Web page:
- Electronic components installed inside vehicles demonstrate extensive application opportunities for new composite ceramic materials as well. Oxide ceramics like aluminum titanate, modified with the addition of Cr, Fe and Ni, will see additional use in onboard dashboard devices due to their high density.
Manufacturers will continue to support metallurgy development
Nowhere is the trend of car manufacturers investing in materials science breakthroughs more apparent than in the development of new metals and alloys.
For example, lightweight metal scientists at Alcoa announced Micromill, a new process for speeding up the production of stronger, more formable aluminum alloys, in the final weeks of 2014. Within a year, automotive giant Ford reached a collaborative agreement with Alcoa to feature the material in its vehicles, according to Insider Car News. These types of agreements will help to simultaneously increase the auto industry’s investments in material science while also creating new opportunities for advanced materials research. As a result, material scientists specializing in metallurgy now have a go-to application when making a case for the value of their research.
New techniques like UCLA’s process of injecting silicon carbide nanoparticles into magnesium-zinc alloys can be used to produce ultralight yet heat-resistant and durable vehicle components, reported Autoblog. Similarly, it won’t be long before a new technique published in the science journal Nature sees widespread adoption by auto manufacturers. Researchers have discovered that strengthening aluminium-steel alloys through the manipulation of brittle but hard intermetallic compounds like FeAl produces a material with performance capabilities similar to titanium-alloys with considerably reduced ductility.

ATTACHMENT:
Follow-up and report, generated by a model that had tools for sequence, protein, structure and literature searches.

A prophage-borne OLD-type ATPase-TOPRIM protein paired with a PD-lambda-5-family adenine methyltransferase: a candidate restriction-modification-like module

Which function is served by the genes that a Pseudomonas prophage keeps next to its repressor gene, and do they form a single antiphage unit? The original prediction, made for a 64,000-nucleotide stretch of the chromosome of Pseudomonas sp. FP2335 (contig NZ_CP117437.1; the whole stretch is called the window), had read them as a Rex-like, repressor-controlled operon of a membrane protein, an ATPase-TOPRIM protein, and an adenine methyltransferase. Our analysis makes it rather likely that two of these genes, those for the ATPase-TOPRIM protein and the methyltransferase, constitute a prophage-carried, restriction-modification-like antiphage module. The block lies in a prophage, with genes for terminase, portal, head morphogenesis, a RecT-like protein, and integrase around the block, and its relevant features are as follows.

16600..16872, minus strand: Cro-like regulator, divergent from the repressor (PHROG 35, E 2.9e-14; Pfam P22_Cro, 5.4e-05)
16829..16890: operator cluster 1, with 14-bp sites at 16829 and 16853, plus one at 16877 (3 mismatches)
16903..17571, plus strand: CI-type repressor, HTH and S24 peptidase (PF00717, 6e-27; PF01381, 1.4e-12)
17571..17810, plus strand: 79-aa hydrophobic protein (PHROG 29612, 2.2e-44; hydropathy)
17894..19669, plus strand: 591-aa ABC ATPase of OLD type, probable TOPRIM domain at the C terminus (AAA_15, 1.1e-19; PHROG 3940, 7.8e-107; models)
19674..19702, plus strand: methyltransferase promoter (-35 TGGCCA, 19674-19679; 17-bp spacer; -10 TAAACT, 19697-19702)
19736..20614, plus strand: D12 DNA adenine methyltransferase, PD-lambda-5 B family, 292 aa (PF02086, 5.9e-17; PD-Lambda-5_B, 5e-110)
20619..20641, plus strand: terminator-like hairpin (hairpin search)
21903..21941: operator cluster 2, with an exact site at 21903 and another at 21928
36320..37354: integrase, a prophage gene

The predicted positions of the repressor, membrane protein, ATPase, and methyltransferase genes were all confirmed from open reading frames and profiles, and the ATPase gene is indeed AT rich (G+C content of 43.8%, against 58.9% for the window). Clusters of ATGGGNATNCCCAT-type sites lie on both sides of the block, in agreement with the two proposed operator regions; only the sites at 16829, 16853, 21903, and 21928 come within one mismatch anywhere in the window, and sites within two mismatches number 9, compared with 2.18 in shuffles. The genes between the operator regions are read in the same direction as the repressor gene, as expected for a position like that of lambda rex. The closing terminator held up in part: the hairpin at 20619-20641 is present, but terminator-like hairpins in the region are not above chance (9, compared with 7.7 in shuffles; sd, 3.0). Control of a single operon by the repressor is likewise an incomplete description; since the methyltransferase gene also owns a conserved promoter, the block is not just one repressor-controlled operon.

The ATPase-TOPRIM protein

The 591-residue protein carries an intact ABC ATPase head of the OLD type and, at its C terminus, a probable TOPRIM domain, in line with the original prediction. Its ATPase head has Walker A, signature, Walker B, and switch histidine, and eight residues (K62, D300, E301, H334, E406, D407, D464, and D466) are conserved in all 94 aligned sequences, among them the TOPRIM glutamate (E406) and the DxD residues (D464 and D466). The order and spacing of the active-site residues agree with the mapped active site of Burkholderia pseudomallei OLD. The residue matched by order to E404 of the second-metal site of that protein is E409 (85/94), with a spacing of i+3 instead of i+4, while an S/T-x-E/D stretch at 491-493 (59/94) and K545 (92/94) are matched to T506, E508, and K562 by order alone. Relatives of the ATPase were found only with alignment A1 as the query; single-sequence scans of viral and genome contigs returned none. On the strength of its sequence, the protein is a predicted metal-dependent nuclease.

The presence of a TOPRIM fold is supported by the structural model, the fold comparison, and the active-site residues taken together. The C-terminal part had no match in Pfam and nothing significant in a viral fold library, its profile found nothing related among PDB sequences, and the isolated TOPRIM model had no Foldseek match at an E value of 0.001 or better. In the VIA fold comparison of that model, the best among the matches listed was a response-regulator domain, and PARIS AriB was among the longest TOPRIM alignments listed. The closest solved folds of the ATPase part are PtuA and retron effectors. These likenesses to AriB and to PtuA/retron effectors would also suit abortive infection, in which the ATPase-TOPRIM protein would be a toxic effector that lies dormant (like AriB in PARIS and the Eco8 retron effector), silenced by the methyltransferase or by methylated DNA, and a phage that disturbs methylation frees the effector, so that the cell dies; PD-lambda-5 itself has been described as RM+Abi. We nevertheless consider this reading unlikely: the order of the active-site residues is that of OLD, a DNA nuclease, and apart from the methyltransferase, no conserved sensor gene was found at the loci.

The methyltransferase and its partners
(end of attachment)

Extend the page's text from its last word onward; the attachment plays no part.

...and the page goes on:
Materials scientists use versatile nanomaterial graphene to solve lithium-air batteries
Some auto manufacturers developing hybrid and electric vehicles have hyped up lithium-air batteries as a technological holy grail necessary for the evolution of the industry. These batteries boast considerably higher theoretical charge capacity than any technology currently on the market. However, lithium-air adoption has been slowed by the technology’s rough edges. Greater collaboration between material sciences and automobile manufacturers, however, has created an environment that will quickly close the gap as soon as new methods and materials become readily available.
The BBC noted that advancements in graphene, heavily influenced by recent developments in carbon nanoparticle manufacturing, will allow manufacturers to design active-host materials that minimize oxygen reduction and other side reactions that compromise the long-term performance of lithium batteries. The new material, known as reduced graphene oxide, is capable of producing cathodes and other battery materials that could quickly become a standard solutions for auto manufacturers savvy in the latest material science developments.
With sustainability concerns driving consumer decisions and no end to ramped up environmental regulations in sight, it is likely that the relationship between auto manufacturers and material science industries will grow even closer through the end of the decade.